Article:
With these goals in mind, the initial concept came to the team quickly – modes of transportation. It is natural for users moving objects along a path in a real time experience to be interested in planes, trains, and automobiles. These objects roll, fly, and float around us on a daily basis and open up new areas of the world through travel and exploration.
The next step was to find reference and source material that could help guide the content development. For inspiration, we started with vintage modes of transportation from public domain sources like the Library of Congress, the Met Collection, and others. By using these historic archives as a resource, it became easy to envision the type of assets that could be developed and the way the content collection could connect as a whole.
A train moving through the countryside from the Library of Congress, Reproduction #LC-USZ62-72119 (left). The Express Train by Charles Parsons (1859) from the Met Collection, Accession #63.550.62 (right).
The development story does not end here. In order to make these assets truly unique, the Content Team then worked on a visual strategy to push this custom collection further. Using concepts like nostalgia, personal history, childhood, and #tbt (Throwback Thursday), we focused on evolving these visuals from vintage forms of transportation to vintage forms of transportation toys. Leveraging materials like warm beech wood along with glossy steel and scratched copper helped to solidify the aesthetics – hinting at the handmade nature of toys and the industrial history of transportation. With these components in place, the assets took on a life of their own, becoming beautiful, one-of-a-kind works for artists to use during 3D art creation.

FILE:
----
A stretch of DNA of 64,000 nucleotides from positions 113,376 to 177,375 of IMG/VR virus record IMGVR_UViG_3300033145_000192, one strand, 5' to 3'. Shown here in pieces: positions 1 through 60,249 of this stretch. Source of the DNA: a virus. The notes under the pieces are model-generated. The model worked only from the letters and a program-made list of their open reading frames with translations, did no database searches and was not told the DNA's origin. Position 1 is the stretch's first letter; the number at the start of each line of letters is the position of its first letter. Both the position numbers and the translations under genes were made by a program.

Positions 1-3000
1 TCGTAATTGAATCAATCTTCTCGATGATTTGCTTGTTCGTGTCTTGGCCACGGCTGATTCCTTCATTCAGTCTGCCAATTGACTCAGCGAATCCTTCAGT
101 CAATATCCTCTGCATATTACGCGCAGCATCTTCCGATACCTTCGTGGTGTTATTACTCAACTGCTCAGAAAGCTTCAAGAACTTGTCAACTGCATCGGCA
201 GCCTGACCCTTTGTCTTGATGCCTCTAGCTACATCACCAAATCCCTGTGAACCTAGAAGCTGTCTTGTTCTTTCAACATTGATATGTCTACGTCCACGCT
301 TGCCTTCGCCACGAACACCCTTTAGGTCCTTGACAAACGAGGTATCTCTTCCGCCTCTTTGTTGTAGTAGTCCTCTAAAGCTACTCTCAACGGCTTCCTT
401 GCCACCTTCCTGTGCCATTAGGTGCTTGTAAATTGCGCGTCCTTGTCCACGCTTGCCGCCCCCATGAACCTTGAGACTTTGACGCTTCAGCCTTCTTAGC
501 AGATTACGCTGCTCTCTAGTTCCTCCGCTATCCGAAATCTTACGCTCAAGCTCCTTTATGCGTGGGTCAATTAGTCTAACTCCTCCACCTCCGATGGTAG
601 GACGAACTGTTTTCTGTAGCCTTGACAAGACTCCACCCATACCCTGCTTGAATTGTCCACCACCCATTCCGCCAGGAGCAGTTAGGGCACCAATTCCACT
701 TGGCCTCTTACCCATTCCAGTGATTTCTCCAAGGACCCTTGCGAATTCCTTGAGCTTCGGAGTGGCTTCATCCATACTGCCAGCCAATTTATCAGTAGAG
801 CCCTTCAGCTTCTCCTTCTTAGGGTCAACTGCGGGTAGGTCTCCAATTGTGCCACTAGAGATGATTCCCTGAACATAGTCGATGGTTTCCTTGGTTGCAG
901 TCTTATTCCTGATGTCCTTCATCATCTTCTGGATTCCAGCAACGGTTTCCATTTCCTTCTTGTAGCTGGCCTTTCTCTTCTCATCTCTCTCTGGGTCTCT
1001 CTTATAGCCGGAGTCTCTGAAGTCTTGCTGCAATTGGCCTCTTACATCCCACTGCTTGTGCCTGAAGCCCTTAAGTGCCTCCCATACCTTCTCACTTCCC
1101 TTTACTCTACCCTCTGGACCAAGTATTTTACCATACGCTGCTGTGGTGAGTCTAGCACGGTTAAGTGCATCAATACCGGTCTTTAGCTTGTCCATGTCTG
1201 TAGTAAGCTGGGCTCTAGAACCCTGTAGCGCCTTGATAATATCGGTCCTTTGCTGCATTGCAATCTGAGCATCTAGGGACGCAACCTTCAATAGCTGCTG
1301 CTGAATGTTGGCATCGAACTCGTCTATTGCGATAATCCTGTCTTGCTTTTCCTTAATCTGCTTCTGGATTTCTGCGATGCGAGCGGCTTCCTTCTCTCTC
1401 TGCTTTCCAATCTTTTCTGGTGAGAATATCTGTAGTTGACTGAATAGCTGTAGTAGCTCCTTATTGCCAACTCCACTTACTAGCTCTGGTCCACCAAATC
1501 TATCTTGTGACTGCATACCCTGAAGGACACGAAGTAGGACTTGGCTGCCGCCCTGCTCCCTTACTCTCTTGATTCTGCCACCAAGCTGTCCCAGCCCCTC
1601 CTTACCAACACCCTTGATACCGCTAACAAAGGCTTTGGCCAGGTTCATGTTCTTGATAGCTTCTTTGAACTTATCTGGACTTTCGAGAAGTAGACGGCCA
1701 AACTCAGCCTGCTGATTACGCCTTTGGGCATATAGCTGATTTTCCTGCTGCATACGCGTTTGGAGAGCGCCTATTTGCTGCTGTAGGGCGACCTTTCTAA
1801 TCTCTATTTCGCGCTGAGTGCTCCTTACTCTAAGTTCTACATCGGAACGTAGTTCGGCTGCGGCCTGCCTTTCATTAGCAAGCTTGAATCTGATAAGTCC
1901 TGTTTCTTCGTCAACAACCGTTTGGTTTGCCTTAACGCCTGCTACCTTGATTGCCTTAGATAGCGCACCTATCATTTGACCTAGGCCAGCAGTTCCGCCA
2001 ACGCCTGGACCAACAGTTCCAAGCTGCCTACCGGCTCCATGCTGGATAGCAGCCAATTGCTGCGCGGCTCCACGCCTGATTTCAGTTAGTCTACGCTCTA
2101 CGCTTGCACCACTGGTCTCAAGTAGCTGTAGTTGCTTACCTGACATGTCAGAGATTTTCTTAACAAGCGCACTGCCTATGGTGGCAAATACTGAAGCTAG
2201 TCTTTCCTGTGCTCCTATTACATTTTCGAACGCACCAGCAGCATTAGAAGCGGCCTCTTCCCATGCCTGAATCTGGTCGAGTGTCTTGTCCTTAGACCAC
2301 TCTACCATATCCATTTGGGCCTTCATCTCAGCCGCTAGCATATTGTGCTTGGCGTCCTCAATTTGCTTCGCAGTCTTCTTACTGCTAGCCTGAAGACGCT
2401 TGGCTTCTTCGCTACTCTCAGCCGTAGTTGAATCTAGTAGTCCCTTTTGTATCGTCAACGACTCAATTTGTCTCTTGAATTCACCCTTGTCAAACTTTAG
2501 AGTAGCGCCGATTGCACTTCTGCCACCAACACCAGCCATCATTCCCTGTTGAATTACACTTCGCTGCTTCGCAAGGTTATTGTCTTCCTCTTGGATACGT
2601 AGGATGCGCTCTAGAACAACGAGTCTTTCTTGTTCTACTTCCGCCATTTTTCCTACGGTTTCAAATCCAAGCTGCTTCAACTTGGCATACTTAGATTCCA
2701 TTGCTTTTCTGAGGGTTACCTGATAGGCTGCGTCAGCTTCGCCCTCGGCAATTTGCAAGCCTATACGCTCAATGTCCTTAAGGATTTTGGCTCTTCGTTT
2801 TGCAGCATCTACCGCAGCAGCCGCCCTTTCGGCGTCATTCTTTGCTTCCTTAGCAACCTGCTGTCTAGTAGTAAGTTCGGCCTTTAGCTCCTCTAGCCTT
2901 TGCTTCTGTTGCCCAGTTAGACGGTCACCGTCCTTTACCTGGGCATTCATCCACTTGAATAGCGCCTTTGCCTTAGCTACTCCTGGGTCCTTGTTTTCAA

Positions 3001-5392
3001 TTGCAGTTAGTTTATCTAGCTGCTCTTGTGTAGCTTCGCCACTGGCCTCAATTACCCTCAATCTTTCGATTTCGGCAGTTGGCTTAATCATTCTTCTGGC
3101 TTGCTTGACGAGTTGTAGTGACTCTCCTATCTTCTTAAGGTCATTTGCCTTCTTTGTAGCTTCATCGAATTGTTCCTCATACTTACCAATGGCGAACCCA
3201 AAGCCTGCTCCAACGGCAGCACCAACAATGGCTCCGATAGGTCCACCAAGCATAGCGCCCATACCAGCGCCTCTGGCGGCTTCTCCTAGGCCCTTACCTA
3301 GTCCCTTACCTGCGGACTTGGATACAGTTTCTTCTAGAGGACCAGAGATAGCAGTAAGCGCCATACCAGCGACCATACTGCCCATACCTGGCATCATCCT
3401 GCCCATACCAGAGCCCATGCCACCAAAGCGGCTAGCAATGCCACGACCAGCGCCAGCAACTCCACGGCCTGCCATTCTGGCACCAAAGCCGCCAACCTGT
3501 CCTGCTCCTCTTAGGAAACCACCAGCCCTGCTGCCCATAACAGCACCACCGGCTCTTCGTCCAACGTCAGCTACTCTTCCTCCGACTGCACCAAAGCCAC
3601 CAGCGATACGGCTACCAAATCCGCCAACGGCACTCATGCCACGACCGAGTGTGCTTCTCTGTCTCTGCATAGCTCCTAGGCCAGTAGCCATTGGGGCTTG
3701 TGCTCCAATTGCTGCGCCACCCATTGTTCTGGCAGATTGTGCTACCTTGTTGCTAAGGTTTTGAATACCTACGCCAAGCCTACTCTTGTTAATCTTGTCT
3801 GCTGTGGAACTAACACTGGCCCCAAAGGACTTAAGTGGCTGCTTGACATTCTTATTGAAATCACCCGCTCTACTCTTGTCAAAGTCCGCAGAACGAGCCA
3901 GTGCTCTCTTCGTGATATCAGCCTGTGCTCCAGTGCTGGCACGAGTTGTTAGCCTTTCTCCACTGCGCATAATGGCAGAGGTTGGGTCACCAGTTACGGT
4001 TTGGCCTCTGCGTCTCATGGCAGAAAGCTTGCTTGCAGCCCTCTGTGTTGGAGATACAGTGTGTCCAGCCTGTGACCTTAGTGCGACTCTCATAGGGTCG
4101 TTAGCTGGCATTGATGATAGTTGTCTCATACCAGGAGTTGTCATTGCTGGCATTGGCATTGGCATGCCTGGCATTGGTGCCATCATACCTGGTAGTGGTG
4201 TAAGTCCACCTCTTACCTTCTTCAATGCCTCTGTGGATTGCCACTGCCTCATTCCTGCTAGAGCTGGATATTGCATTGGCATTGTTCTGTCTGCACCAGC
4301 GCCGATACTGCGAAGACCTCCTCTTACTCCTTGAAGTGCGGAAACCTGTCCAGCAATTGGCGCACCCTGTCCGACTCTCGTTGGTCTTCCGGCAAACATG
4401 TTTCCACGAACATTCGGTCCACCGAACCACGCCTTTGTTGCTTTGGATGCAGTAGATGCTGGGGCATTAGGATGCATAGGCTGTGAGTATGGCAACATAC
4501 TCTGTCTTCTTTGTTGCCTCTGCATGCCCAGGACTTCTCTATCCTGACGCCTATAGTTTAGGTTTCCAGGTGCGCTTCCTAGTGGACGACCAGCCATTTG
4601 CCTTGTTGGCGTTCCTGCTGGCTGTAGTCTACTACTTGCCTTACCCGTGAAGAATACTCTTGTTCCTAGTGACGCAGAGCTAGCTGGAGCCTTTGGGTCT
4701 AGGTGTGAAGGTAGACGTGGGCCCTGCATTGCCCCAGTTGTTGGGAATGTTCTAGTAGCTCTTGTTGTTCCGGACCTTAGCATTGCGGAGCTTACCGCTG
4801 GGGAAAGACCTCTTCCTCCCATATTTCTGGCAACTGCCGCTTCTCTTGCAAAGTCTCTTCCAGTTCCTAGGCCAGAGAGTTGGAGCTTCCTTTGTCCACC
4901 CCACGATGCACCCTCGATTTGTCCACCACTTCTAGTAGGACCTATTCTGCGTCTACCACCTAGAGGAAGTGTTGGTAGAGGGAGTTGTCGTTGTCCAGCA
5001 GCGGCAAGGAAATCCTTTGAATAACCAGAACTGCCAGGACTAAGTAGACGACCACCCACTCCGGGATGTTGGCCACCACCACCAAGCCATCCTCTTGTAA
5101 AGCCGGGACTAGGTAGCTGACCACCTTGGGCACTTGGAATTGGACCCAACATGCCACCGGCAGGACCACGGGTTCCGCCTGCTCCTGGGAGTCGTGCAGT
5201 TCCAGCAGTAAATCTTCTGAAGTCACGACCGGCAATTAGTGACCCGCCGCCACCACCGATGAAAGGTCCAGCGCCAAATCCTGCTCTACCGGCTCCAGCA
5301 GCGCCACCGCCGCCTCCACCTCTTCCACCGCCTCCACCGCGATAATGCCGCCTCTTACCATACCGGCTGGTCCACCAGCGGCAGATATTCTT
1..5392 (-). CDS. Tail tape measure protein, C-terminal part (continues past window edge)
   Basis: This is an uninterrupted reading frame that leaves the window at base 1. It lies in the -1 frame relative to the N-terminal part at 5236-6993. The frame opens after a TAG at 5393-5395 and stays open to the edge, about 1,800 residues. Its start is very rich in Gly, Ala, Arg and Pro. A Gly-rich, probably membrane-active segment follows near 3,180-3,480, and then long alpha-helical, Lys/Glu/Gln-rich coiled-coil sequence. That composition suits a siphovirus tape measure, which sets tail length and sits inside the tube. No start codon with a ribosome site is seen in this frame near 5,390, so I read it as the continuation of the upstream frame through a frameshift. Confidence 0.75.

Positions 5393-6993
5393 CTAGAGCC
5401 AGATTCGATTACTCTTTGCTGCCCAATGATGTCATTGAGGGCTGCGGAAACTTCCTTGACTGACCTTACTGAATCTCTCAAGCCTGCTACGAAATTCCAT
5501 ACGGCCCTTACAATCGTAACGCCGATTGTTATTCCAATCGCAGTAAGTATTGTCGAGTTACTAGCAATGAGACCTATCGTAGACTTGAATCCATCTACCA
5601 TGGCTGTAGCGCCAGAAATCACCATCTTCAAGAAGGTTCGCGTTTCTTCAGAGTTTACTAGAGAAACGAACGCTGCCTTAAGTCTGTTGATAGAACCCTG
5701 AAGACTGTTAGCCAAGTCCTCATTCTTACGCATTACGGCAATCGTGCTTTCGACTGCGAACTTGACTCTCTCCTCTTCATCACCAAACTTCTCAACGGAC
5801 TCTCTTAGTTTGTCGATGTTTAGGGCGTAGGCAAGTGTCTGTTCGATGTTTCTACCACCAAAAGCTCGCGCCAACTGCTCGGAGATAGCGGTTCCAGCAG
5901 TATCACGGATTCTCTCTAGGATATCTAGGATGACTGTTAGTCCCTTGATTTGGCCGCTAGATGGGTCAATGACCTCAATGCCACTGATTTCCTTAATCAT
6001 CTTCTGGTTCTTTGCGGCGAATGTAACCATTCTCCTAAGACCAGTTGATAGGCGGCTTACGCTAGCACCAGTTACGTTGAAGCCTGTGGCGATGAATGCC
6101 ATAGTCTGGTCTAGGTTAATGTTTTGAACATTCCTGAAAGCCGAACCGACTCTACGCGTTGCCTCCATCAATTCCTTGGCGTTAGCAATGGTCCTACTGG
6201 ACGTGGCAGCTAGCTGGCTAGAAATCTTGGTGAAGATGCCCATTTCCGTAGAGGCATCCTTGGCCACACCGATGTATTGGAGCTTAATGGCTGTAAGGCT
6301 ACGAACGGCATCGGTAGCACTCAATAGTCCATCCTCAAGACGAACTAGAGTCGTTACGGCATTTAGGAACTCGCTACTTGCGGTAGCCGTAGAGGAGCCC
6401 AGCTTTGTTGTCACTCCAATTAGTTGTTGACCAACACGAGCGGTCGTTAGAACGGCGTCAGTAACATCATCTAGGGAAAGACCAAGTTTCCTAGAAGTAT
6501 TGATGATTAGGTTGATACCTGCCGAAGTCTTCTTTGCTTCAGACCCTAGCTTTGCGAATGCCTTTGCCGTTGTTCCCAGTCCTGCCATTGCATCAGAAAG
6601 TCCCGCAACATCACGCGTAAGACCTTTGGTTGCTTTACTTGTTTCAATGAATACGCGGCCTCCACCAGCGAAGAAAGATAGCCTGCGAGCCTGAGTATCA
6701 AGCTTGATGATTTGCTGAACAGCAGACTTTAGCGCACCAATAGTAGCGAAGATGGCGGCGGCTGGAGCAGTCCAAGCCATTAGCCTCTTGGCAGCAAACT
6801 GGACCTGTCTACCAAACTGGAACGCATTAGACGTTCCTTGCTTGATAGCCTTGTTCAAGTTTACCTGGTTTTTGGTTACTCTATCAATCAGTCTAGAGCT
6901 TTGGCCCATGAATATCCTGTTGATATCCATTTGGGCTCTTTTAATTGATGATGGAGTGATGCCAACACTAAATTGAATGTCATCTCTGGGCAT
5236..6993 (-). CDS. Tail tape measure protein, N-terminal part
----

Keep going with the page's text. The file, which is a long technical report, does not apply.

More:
Phase 3: Animation
After finishing the collection of 3D models for Dimension and Adobe Stock, we decided that, for Aero, we could enhance the user experience through additional functionality. What would be more engaging and more fun than adding small animated features to each asset to help make the in- app design experience more successful?
It became critical at this juncture to decide how each asset should be changed. Should the car rock back and forth, simulating movement on a rocky road or should only the tires spin? Should the sails on the large boat billow as if in a strong wind or should the user only see slight movements to imply a light breeze? Each of the models was evaluated on an asset-by-asset basis but also as a collection to be certain that the movements were natural to the Record Path Animation feature. It was also important to be sure the animation enhanced versus detracted from the creative experience.
The final results turned into a one-of-a-kind experience, embracing all of the elements that make 3D assets within an augmented reality experience truly unique.
Video made by Justin Patton and Vladimir Petkovic in Adobe Aero with assets from Adobe Stock.
With the static and animated assets now complete and available for creatives to use, we are excited to see the results. Whether you create a 3D render in Dimension or an animated experience in Aero, the opportunities are endless.